“Bow Girl Christmas” Is the Biggest Trend Dominating Holiday Decor

published Dec 5, 2023
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Christmas tree with hand-tied gold velvet bows
Credit: Ashlyn Thompson

Year after year, you can always count on the same tried-and-true holiday decorating motifs: twinkle lights, gingerbread figures, and red-and-green everything. They’re all bona fide classics, but if you’re looking for new ways to elevate your 2023 seasonal setup, then you need to check out the “Bow Girl Christmas” aesthetic.

Piggybacking off tomato girl summer and coastal cowgirl, an up-and-coming trend that I’m deeming “Bow Girl Christmas” has officially hit the holiday decorating circuit. You may have already started to see an uptick of evergreen bow decor across your social media feeds, but more and more people are currently adding this dainty detail to garlands, wreaths, and even Christmas trees — in both petite and oversized proportions. 

New York-based TikToker Ashlyn Thompson (@ash.tho) originally tied velvet bows to the bottom of her living room sconces two years ago, as seen in a now-viral apartment tour video. She credits her aunt — aka “the original bow girl” — for the inspiration. “I stay with her family in Dallas, Texas … and for as long as I can remember, she has had these gorgeous navy blue ribbons tied up at Christmas,” says Thompson. This year, she’s taking her own holiday bow styling a step further, pairing them with small bells for extra embellishment throughout her space. 

That’s the beauty of the bow — it’s versatile enough to tie or hang anywhere, but this holiday trend seems most prominent (and customizable) when decking out Christmas trees. If you’re someone who prefers design-forward decorations, take a cue from London-based blogger and decorator Melanie Lissack, who blended vintage blue, tan, burgundy, green, and pink ribbon into her colorfully curated tree. She notes on her blog that she “made the bows small and left the ribbons hanging long so they draped the tree and looked more sophisticated.” Lissack also sprinkled in a few simple paper ornaments, but you can forgo them altogether for a more minimalist approach.

This bow revival is arguably rooted in current runway fashion fads, although Thompson also theorizes that the Barbie movie release encouraged “a lot of women [to feel] more comfortable leaning into their girlier side.” Even interior designers are putting their own spins on the trending holiday accessory: Christiane Lemieux (who styled a 2022 Apartment Therapy Small/Cool space) recently shared a series of chic bow-infused tablescape ideas via Instagram. Meanwhile, Emily Henderson, who says she loves ribbon decor because “it feels less risky to mix up color palettes and patterns,” DIY’d bow wreaths for her Portland farmhouse that prove you don’t need a dramatic knot for the full ethereal effect.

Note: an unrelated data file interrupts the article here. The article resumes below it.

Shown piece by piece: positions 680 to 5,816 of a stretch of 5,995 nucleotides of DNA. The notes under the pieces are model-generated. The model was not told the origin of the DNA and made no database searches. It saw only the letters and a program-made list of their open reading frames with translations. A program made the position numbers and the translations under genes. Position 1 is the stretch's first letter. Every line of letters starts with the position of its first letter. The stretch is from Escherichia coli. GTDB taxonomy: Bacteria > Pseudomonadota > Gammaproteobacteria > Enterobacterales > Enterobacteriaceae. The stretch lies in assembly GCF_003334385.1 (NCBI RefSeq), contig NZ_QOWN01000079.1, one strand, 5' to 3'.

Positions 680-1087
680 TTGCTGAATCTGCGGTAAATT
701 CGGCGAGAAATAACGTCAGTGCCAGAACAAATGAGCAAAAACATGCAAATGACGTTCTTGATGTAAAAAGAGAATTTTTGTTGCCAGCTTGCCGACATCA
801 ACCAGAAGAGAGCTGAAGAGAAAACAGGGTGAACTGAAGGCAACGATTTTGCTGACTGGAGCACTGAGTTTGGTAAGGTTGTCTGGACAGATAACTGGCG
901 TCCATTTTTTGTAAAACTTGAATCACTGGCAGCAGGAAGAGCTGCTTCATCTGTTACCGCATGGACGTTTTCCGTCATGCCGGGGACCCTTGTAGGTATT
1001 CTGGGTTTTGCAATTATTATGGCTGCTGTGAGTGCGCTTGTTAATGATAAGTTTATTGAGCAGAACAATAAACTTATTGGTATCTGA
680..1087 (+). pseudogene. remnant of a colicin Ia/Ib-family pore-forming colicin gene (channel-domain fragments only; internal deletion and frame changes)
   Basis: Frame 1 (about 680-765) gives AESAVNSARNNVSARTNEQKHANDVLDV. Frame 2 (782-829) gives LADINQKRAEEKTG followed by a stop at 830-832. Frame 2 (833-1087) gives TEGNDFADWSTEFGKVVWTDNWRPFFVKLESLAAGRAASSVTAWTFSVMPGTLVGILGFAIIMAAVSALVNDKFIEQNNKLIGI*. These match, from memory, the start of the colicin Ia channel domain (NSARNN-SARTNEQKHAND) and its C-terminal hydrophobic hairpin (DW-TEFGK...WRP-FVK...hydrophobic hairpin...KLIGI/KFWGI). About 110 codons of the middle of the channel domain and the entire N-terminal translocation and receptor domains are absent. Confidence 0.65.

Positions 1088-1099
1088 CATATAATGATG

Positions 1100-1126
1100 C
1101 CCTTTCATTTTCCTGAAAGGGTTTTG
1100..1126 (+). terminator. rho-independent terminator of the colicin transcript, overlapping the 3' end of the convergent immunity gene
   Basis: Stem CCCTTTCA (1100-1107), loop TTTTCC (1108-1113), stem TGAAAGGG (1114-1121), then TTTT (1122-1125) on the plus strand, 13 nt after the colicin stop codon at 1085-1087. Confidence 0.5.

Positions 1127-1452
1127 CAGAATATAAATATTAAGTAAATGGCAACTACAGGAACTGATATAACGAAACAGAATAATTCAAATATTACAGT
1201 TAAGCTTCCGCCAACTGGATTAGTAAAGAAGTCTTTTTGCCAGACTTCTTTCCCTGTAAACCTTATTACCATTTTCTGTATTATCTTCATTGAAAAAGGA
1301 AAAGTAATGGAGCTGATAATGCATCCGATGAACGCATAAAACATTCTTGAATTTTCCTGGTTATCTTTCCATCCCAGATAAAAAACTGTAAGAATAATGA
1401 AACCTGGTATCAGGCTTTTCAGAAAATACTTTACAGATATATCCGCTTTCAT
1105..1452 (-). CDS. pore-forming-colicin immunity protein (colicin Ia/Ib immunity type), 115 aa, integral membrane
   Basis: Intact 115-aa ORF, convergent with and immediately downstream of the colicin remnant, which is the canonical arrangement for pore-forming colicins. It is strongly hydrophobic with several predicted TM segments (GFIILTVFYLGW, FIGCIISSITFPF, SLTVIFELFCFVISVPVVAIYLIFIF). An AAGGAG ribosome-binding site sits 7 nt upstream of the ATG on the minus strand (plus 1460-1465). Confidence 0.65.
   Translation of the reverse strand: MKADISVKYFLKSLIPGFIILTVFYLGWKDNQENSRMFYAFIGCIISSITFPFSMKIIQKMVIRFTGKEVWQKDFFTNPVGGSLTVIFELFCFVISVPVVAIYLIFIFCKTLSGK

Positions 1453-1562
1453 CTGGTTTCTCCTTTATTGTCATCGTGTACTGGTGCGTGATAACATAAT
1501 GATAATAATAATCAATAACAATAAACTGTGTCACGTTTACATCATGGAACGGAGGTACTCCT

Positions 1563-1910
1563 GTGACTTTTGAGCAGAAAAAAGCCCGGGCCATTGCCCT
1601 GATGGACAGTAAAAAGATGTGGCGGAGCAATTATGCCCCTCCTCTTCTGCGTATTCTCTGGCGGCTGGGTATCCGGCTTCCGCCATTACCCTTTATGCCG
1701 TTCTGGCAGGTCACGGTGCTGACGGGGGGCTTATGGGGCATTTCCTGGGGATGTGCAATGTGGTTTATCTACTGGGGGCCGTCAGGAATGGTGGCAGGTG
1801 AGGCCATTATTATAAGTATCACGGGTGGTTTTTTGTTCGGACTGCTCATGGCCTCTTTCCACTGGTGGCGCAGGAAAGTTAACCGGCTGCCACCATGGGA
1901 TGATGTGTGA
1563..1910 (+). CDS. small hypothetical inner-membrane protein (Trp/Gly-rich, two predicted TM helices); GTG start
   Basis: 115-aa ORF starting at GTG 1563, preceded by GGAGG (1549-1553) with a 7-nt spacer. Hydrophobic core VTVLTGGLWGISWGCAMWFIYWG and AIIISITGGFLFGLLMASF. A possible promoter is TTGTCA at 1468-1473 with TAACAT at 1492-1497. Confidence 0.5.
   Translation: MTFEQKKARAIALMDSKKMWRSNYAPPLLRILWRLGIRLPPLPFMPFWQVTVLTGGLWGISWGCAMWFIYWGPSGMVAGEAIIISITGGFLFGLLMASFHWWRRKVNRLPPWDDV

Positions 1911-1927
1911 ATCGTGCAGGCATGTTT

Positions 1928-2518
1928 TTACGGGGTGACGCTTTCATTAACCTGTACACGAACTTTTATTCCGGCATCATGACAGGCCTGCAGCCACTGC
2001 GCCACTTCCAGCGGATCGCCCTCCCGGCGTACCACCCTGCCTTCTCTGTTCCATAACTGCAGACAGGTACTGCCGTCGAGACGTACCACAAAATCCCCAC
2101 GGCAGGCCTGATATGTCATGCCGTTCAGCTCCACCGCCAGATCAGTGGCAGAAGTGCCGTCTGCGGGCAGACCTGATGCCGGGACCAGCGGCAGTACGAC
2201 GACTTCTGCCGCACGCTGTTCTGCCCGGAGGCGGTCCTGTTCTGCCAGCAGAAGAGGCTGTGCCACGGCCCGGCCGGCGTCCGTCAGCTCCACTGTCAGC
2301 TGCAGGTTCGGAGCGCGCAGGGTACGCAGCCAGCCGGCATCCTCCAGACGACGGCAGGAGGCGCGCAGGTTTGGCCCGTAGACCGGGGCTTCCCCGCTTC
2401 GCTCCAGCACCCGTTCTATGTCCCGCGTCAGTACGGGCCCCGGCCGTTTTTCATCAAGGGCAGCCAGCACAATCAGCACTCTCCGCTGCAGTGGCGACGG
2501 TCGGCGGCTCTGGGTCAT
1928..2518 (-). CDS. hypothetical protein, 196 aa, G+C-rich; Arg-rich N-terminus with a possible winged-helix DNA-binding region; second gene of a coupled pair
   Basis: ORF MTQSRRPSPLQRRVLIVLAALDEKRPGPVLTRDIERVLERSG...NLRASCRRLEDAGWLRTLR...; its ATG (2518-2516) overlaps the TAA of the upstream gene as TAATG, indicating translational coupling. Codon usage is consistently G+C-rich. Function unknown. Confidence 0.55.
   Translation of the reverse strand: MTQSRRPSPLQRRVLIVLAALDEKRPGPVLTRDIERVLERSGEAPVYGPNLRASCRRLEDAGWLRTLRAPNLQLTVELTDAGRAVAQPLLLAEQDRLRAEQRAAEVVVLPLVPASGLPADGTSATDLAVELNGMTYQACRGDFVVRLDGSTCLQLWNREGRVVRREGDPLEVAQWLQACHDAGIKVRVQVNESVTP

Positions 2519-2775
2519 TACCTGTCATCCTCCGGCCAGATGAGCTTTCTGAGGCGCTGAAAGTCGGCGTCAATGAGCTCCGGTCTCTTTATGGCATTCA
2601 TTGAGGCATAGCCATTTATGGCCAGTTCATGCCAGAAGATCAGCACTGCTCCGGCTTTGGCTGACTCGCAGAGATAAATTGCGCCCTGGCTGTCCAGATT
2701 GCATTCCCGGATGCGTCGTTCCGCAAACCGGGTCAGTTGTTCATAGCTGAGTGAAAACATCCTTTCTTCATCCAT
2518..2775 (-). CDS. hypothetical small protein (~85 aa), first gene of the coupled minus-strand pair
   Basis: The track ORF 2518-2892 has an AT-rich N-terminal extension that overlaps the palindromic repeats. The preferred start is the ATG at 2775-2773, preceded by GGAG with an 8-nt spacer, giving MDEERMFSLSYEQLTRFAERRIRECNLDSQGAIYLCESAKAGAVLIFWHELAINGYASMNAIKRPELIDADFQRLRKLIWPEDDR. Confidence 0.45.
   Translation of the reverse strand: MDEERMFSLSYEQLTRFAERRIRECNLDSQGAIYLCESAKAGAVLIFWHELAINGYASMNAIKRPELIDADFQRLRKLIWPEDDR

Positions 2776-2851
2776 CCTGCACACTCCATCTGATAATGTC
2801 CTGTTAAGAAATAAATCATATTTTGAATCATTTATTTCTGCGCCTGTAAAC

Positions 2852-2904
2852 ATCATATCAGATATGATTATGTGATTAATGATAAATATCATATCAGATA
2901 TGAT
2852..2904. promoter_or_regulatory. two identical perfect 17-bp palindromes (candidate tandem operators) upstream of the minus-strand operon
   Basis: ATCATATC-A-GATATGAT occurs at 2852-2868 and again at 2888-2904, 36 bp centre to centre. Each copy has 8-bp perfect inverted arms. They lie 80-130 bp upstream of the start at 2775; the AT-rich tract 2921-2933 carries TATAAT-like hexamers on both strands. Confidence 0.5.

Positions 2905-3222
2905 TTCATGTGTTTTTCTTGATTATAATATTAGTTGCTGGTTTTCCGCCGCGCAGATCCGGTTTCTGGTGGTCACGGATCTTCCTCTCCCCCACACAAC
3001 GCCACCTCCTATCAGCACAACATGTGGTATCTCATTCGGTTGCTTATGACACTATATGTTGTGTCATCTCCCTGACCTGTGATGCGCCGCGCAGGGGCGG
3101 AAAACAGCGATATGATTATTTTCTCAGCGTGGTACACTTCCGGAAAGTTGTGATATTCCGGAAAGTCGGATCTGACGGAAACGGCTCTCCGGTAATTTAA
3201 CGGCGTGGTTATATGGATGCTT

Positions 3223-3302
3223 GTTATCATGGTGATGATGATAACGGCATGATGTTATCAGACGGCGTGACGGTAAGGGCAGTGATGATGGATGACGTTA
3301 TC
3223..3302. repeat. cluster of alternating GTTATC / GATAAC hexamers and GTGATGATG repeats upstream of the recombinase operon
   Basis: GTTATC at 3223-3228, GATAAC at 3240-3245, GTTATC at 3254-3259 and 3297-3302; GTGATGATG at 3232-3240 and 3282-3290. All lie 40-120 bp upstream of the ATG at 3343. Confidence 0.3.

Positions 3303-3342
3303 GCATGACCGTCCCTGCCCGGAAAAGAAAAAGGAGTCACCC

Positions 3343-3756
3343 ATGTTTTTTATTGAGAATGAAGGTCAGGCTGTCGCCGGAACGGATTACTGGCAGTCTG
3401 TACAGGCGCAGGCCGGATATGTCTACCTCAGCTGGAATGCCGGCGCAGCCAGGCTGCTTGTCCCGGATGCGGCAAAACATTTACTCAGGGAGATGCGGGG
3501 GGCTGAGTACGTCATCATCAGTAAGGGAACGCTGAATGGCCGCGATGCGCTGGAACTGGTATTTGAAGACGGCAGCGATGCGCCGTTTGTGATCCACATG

However you embrace “Bow Girl Christmas,” this relatively low-lift look makes a big impact on a budget. You can source leftover fabric or ribbon from your holiday gift wrapping, or pick up a luxe-looking velvet or satin roll from a local craft store. It’s also easy to personalize around your preferred holiday aesthetic, whether you use matching monochromatic bows or a mix of sizes and materials. “My signature has always been a khaki/light gold, and personally I don’t think you can go wrong with that for any design style, but this year, I also went full send on black velvet, and I’m obsessed with the way it turned out,” adds Thompson.

The below TikTok video demonstrates how to assemble the perfect bow, which involves pre-tying and then hanging each one. This method does take more time, but Thompson adds that “tying directly to a surface can be tricky if you want the bow to stay put and look perfect (especially true if you have a 75-pound dog or little kids!).”

From there, depending on placement, secure the knotted pieces with twist ties, double-sided tape, or floral wire. As for Christmas tree decorating, most thick ribbons should be sturdy enough to rest right on top of the branches, no tying or pine-needle-finagling needed. When it’s time to take them down, you can also keep the bow shape intact to preserve for future use — and they’re much easier to store long-term than bulky, fragile ornaments. 

Note that you don’t have to put these away ASAP, though. Consider re-styling the ribbon elsewhere in your space post-Christmas. Thompson’s decidedly “pro-bow year-round,” whether they’re used to tie back curtains or even as chic party accessories. “My current favorite way to utilize them is for hosting — either just laid on top of the place settings or tied to glassware,” she says. “I love every picture I see of a thin velvet or satin bow tied around a coupe.” Either way, start perfecting your tying technique, because it’s clear this “Bow Girl” frenzy will still be going strong in 2024.